Up until recently ABIs have only been offered to adults who have previously had hearing and use speech to communicate. The ABI provides a sensation of hearing that can help aid lip-reading and provide other clues used in spoken communication (for example rhythm and speed of speech). These adults are unable to use the ABI alone to understand speech without the additional help of lip-reading etc.
However, in the last few years ABIs have occasionally been given to congenitally deaf children, mostly in Europe but with a few in the UK.
In January 2005 UK guidance was published by the National Institute of Clinical Excellence (NICE) which recommended the ABI procedure only for adults and young people who have had surgery to their hearing nerve. NICE haven’t issued any guidance on using ABIs for deaf children.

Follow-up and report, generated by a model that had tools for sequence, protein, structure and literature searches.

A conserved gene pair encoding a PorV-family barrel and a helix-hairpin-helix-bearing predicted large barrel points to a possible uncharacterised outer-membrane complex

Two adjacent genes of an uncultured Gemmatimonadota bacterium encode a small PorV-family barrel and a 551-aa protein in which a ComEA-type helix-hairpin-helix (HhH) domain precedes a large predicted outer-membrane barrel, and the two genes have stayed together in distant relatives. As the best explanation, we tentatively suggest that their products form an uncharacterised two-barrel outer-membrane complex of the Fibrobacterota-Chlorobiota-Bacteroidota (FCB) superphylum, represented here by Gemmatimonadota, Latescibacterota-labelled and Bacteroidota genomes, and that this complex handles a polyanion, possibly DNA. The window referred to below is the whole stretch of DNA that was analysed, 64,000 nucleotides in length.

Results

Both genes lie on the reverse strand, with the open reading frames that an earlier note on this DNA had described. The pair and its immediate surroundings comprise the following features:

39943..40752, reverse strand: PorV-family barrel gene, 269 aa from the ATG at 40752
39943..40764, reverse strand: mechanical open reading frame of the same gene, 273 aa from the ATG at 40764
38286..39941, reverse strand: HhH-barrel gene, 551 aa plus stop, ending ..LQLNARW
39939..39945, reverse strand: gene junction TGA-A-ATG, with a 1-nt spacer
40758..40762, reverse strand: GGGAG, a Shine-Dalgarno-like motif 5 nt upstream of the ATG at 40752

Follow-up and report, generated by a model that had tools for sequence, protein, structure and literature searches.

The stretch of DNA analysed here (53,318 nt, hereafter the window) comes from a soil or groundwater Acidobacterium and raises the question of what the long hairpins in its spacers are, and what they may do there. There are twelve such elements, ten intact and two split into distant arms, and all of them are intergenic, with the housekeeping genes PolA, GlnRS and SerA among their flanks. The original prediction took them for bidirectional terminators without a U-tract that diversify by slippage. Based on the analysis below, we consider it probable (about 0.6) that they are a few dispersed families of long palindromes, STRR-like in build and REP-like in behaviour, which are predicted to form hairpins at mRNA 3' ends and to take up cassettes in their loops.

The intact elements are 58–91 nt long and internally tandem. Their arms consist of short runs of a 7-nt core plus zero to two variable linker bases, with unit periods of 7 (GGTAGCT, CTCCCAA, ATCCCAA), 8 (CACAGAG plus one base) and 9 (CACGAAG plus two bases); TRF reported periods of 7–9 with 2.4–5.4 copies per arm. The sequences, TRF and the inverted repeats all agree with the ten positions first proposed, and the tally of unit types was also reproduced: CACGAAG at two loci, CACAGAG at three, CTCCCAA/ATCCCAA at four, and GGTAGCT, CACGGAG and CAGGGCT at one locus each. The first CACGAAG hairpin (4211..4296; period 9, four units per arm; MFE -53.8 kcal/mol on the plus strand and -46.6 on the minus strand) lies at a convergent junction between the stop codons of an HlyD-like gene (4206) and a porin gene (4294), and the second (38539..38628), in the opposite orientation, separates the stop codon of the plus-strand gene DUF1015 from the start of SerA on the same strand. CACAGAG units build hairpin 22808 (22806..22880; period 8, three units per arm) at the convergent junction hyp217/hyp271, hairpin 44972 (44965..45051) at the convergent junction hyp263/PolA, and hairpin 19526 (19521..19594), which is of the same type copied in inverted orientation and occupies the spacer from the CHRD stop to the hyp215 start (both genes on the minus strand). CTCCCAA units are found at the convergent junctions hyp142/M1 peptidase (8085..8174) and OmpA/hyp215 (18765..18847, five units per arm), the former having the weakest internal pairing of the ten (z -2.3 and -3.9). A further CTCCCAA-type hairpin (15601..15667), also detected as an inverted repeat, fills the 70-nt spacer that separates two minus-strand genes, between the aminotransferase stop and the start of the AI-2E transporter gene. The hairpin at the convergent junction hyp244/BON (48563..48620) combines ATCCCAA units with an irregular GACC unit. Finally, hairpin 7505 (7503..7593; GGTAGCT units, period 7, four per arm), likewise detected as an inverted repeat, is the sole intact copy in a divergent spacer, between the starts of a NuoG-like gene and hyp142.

The British Cochlear Implant Group (BCIG), clinicians and professionals working within the paediatric cochlear implant programmes are not endorsing routine use of ABIs in congenitally deaf children and we recognise and welcome the caution that is adopted around the fitting of children in the UK at this time. However, we acknowledge that there may be families who wish to explore this option for their child.
Following a request from the National Deaf Children’s Society to clarify funding of ABIs for children, NHS England published a policy, Clinical Commissioning Policy: Auditory brainstem implant with congenital abnormalities of the auditory nerves of cochleae.
How much could my child hear with an ABI?
Because of the small numbers implanted so far and the variability of results, it’s difficult to predict how well children generally may be able to use the information they receive from an ABI and whether it could help them develop spoken language.
Most are able to recognise and discriminate different environmental sounds such as a doorbell or phone ringing.
What is the assessment process?